In between working on remote classes for his freshmen year in college, my son has spent a little time installing whimsical signage in unexpected places around our scrap of land in the Ozarks. On a walk not long ago, I came across a sign on a tree in the middle of a field. Painted by hand was the Beckett directive to “Fail Better.”
In the time we’ve been staying home, the field around the tree has passed from early spring to early summer—the field is too overgrown and hazardous to walk through now.
While I was writing this, an email arrived. It brought news of a magazine rejecting a submission of poems. When I came back to this piece later and read the previous sentence, I had already forgotten that happened. Rejections are swift blows, quickly absorbed and leaving no lingering pain. It’s the same approach many of us take to writing: take risks, cast aside failure, forge ahead.
“…cast aside failure, forge ahead.”
A couple of months ago, I wrote a sequence on the anxiety of the impending threat. I have a screenshot on my phone from “Find My Friends,” my “friends” being my daughter and my son. There she is in Miami. There he is in New York. Here we are in Arkansas. There were many mitigating factors beyond mere geography, and writing a frantic, disjointed sequence that moved my terrors from my mind to the page was a balm. It was early March, and I embedded into the sequence the technique of counting backwards as a self-calming device while trying to fall asleep.
Since then, my social media feed is a veritable onslaught of pandemic-related special issues, calls for submissions, anthologies, and the like. Were my own two cents worth sharing? My two teenagers managed to get home in good time and good health, and I managed, through writing, counting backwards, and various other forms of self-medication, to survive with a strong sense of gratitude. It was worth writing. If it’s deemed worth sharing, who knows if anyone would ever have the time or desire to read it. And how much does that even matter?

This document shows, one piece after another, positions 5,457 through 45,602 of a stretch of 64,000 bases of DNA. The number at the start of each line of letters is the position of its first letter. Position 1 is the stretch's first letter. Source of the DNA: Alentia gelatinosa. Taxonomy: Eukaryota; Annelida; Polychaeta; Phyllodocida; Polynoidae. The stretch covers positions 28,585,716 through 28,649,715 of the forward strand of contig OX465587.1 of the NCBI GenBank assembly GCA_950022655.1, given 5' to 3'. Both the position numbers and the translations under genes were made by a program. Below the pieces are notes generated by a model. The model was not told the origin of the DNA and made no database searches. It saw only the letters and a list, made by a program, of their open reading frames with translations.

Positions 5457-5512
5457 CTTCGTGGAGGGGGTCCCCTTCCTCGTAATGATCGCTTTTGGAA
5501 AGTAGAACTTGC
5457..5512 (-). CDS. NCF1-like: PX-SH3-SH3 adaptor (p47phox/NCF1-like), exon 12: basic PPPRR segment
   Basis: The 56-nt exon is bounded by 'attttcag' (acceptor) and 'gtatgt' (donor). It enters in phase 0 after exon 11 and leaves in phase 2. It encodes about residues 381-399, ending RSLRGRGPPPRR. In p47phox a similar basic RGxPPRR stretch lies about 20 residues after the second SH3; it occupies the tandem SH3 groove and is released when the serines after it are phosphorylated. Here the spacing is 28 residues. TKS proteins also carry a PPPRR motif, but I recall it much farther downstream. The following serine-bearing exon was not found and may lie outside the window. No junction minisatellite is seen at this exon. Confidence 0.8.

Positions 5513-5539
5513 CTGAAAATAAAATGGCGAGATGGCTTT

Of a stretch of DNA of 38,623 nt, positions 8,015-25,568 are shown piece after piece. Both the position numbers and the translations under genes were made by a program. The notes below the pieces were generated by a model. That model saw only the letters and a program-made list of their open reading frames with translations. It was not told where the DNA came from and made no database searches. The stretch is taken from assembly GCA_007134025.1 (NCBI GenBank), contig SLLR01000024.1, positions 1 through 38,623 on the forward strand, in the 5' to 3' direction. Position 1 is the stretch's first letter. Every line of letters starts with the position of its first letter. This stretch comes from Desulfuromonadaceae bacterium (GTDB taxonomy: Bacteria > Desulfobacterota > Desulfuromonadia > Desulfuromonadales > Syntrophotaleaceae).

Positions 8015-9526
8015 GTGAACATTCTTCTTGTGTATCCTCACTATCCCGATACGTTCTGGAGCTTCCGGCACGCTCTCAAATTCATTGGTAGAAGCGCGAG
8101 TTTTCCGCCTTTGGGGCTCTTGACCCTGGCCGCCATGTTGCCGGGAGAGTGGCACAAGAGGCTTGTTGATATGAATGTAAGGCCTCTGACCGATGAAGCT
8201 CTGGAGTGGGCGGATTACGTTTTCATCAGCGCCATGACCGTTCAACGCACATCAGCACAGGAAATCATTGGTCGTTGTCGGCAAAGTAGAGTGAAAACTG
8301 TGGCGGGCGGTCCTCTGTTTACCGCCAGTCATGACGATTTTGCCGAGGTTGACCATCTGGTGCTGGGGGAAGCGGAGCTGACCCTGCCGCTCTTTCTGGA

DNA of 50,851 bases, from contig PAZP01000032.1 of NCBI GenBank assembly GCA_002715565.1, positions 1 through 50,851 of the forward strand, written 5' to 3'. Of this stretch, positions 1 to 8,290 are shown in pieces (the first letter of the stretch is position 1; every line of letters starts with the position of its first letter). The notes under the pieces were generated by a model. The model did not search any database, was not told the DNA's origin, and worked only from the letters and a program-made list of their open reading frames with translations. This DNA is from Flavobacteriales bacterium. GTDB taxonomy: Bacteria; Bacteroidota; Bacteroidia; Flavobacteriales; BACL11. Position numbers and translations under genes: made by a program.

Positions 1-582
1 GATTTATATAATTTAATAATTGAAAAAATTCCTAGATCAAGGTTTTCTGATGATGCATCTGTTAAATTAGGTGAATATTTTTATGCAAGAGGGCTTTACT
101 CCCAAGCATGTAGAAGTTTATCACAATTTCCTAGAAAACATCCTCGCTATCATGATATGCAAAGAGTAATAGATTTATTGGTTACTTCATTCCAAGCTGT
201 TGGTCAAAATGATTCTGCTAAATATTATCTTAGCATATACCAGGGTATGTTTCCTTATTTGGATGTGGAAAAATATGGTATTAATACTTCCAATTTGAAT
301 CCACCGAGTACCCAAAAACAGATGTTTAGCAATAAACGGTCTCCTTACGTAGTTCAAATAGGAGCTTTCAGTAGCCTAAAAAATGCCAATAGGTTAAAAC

“It was worth writing.”
Before I ever encountered the Beckett quote, (which is, in its entirety: “Ever tried. Ever failed. No matter. Try again. Fail again. Fail better.”) I always saw rejection as an opporrunity to improve a thing that, by sending it out somewhere, I had stamped as “done.” I’d been given a second chance. Any manner of creative pursuit, and any manner of being a parent, are prime environments for getting something wrong and trying to do better. I don’t know how many more books I’ll write, and I’m in the late stages of raising my kids. Right now, they would’ve been half home, half gone, pulling away in a getting-grown stage. Instead they are, for the moment, as present as they were before they even started kindergarten. It’s a second chance at being less imperfect, and all four of us have plenty of time to consider the question of what constitutes failure.
Something didn’t happen this spring, and I’m still mulling it over.